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What is humanitarian surgery?

To help achieve an international consensus on what ‘humanitarian surgery’ is, we will undertake a modified Delphi process involving stakeholders around the world.

Participate in the study

Global surgery or humanitarian surgery

Over the last decade there has been an exponential increase in usage of ‘global surgery’ and ‘humanitarian surgery’ in publications. However, the terms are often used interchangeably and there is no fixed definition of humanitarian surgery. This makes it difficult to compare interventions, outcomes and cost effectiveness since a wide variety of activities are included in these global or humanitarian surgery programmes.

To address this question, a modified Delphi process will be used, drawing on experts from across the world. The respondents will be chosen to represent key stakeholders with an aim to include a wide range of institution types and geographical diversity. Lay representatives will include patients, relatives and charity works with experience of surgery worldwide.

What is a Delphi process?

A Delphi process is a proven method of developing consensus from a group of experts through iterative rounds of anonymous voting followed by group feedback. This technique gathers the opinions of experts within a field in order to assess the level of agreement and resolve disagreement on a specific topic, and is well suited to the global health agenda as it allows large numbers of geographically dispersed experts to contribute. All respondents will be listed as co-authors using a collaborative authorship model under the name of The Royal College of Surgeons of England Humanitarian Surgery Initiative.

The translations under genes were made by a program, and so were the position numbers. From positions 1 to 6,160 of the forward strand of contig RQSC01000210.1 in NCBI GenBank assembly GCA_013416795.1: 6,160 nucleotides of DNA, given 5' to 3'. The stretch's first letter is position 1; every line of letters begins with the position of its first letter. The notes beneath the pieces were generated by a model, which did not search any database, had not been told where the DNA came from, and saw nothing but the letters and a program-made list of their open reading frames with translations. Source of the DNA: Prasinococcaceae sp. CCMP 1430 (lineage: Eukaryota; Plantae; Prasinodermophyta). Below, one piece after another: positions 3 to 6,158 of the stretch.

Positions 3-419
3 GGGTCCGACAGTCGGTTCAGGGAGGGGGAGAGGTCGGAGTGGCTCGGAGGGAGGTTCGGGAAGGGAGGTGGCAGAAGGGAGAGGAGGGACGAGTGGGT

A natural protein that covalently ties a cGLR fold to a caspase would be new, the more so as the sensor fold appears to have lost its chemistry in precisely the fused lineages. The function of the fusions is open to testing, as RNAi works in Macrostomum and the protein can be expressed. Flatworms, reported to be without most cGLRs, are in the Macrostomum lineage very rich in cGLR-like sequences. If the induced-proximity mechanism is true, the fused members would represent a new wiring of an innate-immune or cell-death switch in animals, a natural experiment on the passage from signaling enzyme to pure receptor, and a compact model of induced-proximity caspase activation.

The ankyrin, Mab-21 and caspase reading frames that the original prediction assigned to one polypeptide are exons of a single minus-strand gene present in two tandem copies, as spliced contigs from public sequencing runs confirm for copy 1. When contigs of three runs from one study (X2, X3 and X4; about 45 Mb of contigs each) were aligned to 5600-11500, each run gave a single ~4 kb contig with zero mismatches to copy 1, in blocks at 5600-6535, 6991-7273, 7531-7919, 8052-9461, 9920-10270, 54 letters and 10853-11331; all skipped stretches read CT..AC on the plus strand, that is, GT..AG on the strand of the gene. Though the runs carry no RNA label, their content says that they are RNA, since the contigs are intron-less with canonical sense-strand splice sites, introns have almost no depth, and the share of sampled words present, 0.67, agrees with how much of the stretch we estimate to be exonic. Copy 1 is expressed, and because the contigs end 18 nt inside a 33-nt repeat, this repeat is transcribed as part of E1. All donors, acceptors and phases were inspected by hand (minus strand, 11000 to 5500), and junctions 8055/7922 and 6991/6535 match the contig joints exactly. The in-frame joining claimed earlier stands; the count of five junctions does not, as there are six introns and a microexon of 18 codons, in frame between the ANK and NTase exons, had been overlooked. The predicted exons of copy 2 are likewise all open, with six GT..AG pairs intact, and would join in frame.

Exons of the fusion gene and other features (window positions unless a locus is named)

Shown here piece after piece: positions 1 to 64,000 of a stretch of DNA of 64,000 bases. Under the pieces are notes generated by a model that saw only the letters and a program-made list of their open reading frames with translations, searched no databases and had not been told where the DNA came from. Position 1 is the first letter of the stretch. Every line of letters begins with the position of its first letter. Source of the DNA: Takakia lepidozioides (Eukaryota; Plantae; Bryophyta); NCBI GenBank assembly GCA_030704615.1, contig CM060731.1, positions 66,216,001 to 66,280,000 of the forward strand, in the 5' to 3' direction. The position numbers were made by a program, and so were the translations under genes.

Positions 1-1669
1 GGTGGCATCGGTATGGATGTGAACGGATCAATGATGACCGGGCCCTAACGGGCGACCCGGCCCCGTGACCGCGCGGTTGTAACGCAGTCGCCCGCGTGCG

This project seeks to gain consensus through a modified Delphi process over three rounds. A broad-based, international, multidisciplinary group of stakeholders will be identified to be as representative as possible and invited to take part via email. The stakeholders will be identified through a literature review, personal contacts of the authors and the RCS England’s Global Affairs department. Snowball sampling will be used through emails and social media channels to widen participation. The inclusion criteria are:

  • Age 18 or above
  • Ability to speak, read or write any of the six official languages of the United Nations: English, French, Spanish, Arabic, Russian, Chinese. Translation from English into other languages will be performed in conjunction with Translate Without Borders (TWB), a non-profit organisation offering translation services.

And at least one of the following is applicable:

  • Active in humanitarian or global surgery/ medicine/ research/ healthcare development or provision (within the last five years).
  • Currently (or within the last 12 months) affiliated with an organisation involved in global/ humanitarian surgery – these include – universities, professional societies, hospitals, other health care organisations, charities, and non-governmental organisations.
  • A representative from patient or public group.
  • A healthcare worker (HCW) who works primarily in a Low/Middle Income Country (LMIC).